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Psychology: ESRC Wales Doctoral Training Partnership PhD Collaborative Studentship ‘Tuning into your Body to Manage Self-harm: Conceptualisation and Test of a Novel Treatment Paradigm’

  • Full or part time
  • Application Deadline
    Monday, February 03, 2020
  • Funded PhD Project (European/UK Students Only)
    Funded PhD Project (European/UK Students Only)

Project Description

Swansea University, supported by the ESRC Doctoral Training Partnership for Wales (Wales DTP), invites applications for funded PhD study, available to start in October 2020. The following collaborative studentship is available in the Psychology Pathway of the Wales DTP:

‘Tuning into your Body to Manage Self-harm: Conceptualisation and Test of a Novel Treatment Paradigm’ (working title) in collaboration with Dechrau Newydd, Swansea Bay University Health Board

Context:

Self-harm is a serious public health issue. However, precipitating factors remain poorly understood and treatment is difficult. Emotion regulation is one of the main reasons self-harm. However, an unmet challenge has been to explain how a painful stimulus like NSSI improves affect. To improve treatment outcomes a mechanistic understanding is required.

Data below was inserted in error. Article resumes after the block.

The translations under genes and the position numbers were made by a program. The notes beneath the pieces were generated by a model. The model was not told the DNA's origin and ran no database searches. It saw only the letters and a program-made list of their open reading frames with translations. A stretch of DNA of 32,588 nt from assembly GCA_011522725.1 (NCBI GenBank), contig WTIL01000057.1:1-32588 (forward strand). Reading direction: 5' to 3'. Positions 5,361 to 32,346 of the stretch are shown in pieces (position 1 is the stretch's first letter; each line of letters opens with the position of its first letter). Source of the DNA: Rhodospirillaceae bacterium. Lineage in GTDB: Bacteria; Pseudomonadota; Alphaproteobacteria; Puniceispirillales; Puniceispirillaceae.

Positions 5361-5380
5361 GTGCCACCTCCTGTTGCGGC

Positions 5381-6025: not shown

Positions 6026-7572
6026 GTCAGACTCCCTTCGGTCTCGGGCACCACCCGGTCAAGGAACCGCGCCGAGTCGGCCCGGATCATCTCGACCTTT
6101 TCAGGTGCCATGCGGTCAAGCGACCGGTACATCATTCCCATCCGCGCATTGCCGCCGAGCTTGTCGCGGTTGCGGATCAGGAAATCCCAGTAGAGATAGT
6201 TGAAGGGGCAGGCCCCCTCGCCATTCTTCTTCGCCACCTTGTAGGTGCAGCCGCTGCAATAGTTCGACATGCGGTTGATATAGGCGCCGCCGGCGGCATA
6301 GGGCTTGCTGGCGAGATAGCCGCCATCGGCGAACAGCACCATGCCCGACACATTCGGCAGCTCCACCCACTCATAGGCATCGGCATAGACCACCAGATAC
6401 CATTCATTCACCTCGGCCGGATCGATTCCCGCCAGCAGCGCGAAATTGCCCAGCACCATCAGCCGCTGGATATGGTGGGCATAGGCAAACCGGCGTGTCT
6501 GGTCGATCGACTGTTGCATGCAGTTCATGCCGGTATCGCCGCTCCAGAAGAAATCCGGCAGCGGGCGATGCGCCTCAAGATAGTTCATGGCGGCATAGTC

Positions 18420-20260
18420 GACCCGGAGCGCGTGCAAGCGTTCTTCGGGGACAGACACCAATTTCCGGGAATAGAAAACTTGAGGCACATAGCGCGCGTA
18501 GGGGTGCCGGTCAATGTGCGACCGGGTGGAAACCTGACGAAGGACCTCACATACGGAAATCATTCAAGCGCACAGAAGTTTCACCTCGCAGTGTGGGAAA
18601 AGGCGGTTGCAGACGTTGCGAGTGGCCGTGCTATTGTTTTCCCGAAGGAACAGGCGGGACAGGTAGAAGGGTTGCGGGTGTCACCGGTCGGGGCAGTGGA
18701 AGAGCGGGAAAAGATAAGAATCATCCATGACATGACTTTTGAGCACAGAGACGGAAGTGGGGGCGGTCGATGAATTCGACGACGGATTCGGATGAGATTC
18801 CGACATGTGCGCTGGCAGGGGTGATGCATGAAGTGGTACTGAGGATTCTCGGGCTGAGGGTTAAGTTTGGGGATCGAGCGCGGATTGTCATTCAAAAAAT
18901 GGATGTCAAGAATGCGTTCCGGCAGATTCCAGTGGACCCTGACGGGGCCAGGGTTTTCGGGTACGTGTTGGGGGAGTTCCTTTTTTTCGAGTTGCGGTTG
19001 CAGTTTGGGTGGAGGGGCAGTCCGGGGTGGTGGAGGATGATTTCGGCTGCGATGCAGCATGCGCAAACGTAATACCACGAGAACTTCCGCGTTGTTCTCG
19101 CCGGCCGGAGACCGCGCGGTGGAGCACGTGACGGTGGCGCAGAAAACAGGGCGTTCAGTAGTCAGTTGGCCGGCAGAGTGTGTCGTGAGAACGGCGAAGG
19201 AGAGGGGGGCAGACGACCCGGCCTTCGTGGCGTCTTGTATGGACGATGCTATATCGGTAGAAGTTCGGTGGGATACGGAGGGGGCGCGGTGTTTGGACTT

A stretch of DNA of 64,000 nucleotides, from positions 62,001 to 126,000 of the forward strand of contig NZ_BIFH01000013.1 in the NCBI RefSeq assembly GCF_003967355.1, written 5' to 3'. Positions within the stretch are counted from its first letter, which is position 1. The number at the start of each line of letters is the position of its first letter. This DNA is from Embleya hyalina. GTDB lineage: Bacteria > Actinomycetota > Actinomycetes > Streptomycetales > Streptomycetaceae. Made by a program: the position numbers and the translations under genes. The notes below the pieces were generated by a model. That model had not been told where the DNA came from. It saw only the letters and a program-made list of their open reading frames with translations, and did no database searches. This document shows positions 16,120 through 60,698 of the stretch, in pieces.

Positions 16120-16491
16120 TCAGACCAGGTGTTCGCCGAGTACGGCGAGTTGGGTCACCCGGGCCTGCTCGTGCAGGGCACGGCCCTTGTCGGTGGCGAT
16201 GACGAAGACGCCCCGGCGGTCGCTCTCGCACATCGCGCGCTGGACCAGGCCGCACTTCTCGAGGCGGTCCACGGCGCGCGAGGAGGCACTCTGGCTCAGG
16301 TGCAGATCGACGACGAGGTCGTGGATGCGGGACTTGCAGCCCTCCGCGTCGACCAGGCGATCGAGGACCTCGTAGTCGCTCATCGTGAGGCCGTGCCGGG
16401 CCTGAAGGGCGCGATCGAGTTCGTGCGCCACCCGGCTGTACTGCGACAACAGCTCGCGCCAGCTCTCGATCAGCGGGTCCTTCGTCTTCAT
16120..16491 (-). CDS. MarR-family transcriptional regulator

Pilot work involving DN partners has developed a novel theoretical framework - the Interoceptive Self-efficacy Hypothesis of Self-harm (Young et al 2019). Accordingly, self-harm compensates for difficulties in anticipating and interpreting bodily signals associated with emotion. Linked to autonomic changes accompanying emotion are expectations about their sensory consequences. When sensation is unpredictable ‘somatic illusions’ (a mismatch between perceived and actual bodily changes), negative affect and an enduring sense of dysregulation results. Our data suggest self-harm reduces unwanted emotions because the sensory consequences of NSSI are expected. Thus, an unexplored avenue for treatment is to develop ways for individuals to increase interoceptive certainty through non-harmful means.